In some early space experiments a loss of hand-eye coordination that could last for 2 to 3 weeks was observed in crewmembers. These losses were attributed to the absence of gravity interfering with normal brain activity. However, later experiments turned up little evidence in support of this so-called microgravity hypothesis. To test this hypothesis directly, the Perceptual Motor Deficits in Space (PMDIS) investigation was conducted with 5 ISS crewmembers on Expeditions 14 and 15 (September 2006 - October 2007). Crew participants practiced performing the experiment prior to actual data gathering to establish stable baseline performance. Data were collected at 30 days preflight, 71 to 94 hours after launch, and 30 days postflight. Testing consisted of aiming at targets on a computer screen with a stylus or a joystick and with the wrist either restrained or unrestrained. These aiming tasks were also performed in conjunction with auditory reaction time as a mentally demanding dual task. Both the speed and accuracy of movement were used to measure performance.
The results from PMDIS contradict the microgravity hypothesis because a major prediction of this hypothesis, that performance would be degraded using either the stylus or the joystick, was not supported. Rather, performance degradation only occurred with the more mentally demanding dual task using the joystick. These results suggest that the loss of hand-eye coordination in space can be attributed to a variety of interacting stressors which lead to cognitive overload. These factors include lack of body stability, degree of learning on the task and its complexity, space sickness, and sleep deprivation.
Thus impairment in hand-eye coordination is not a necessary condition of space flight. Understanding the link between sensory-motor degradation and mental and physical stressors plus how much cognitive resources are required to maintain performance in microgravity is important to developing mitigating strategies through appropriate training, task assignment, and equipment design, especially for future exploration-class missions (Fowler 2008).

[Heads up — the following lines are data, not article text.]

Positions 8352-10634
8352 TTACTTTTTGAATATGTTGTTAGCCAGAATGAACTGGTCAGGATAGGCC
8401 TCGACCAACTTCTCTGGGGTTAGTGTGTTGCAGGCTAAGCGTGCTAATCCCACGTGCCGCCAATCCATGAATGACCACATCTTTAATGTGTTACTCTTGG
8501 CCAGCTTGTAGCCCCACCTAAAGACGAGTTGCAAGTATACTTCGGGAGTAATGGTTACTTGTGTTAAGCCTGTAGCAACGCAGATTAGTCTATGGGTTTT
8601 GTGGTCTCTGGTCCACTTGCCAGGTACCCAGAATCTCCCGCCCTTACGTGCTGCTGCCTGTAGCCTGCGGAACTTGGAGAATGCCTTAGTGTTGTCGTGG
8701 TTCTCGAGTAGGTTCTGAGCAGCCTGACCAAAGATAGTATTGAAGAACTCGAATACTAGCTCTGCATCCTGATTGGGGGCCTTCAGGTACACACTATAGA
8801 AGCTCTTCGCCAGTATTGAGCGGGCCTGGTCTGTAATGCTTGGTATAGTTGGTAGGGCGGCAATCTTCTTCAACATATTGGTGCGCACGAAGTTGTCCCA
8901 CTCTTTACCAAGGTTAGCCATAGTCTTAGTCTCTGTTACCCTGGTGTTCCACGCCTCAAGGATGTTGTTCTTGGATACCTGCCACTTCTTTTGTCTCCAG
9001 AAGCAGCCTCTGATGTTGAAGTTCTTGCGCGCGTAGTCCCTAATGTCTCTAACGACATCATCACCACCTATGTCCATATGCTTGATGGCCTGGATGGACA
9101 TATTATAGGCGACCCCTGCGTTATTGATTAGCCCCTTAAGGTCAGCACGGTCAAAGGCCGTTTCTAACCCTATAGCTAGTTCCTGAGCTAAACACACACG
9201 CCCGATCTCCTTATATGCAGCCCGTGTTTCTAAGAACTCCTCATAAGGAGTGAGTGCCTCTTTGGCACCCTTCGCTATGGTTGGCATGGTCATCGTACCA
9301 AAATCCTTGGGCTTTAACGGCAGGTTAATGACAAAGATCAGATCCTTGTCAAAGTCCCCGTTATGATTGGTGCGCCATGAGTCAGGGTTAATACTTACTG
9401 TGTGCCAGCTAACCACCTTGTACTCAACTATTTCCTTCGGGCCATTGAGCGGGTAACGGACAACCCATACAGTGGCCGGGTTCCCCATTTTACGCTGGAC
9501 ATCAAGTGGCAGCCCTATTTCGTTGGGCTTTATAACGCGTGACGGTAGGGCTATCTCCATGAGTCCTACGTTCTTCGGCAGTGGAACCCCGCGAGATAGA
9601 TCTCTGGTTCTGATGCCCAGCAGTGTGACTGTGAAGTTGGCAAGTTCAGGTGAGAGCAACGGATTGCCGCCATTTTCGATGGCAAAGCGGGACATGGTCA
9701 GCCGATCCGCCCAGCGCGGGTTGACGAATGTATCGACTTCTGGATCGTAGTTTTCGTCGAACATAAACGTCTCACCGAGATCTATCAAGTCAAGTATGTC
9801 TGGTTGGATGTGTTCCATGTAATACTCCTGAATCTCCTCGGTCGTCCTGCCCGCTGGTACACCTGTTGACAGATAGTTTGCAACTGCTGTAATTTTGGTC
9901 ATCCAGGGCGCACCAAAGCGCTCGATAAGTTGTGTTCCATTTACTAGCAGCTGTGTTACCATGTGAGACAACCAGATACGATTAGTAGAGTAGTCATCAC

Fowler B, Meehan S, Singhal A. Perceptual-Motor Performance and Associated Kinematics in Space. Human Factors. 2008 Dec; 50(6): 879-892.
Ground Based Results Publications
Fowler B, Manzey D. Summary of research issues in monitoring of mental and perceptual-motor performance and stress in space. Aviation, Space, and Environmental Medicine. 2000; 71 Suppl 9: A76-77.
Sturm T, von Richter A. Design and completion of the PMDIS/TRAC table. 54th International Astronautical Congress, Bremen, Germany; 2003 Sept 29 to Oct 3 2 pp.
Fowler B, Bock O, Comfort D. Is dual-task performance necessarily impaired in space?. Human Factors. 2000; 42: 318-326.
Fowler B, Comfort D, Bock O. A review of cognitive and perceptual-motor performance in space. Aviation, Space, and Environmental Medicine. 2000; 71(Suppl 9): A66-68.
Demonstration of the use and setup of the PMDIS hardware in the Destiny Lab mock up at Johnson Space Center (JSC) in Houston, TX. Image courtesy of NASA, Johnson Space Center.
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NASA Image: ISS014E09624 - Astronaut Suni Williams, Expedition 14 Flight Engineer, performs the Perceptual Motor Deficits in Space (PMDIS) shortly after STS-116/12A.1 docked with ISS in December 2006.
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NASA Image: ISS014E09626 - Expedition 14 Flight Engineer, Astronaut Suni Williams, performs the Perceptual Motor Deficits in Space (PMDIS). This investigation will test the hand-eye coordination of ISS crewmembers during their mission.
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NASA Image: S117E07031 - Astronaut Clayton Anderson, Expedition 15 Flight Engineer, works with the Perceptual-Motor Deficits in Space (PMDIS) experiment in the Destiny laboratory of the International Space Station while Space Shuttle Atlantis was docked with the station.
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NASA Image: S117E07092 - Astronaut Patrick Forrester, STS-117 Mission Specialist, works with the Perceptual-Motor Deficits in Space (PMDIS) experiment in the Destiny laboratory of the International Space Station while Space Shuttle Atlantis was docked with the station in June 2007.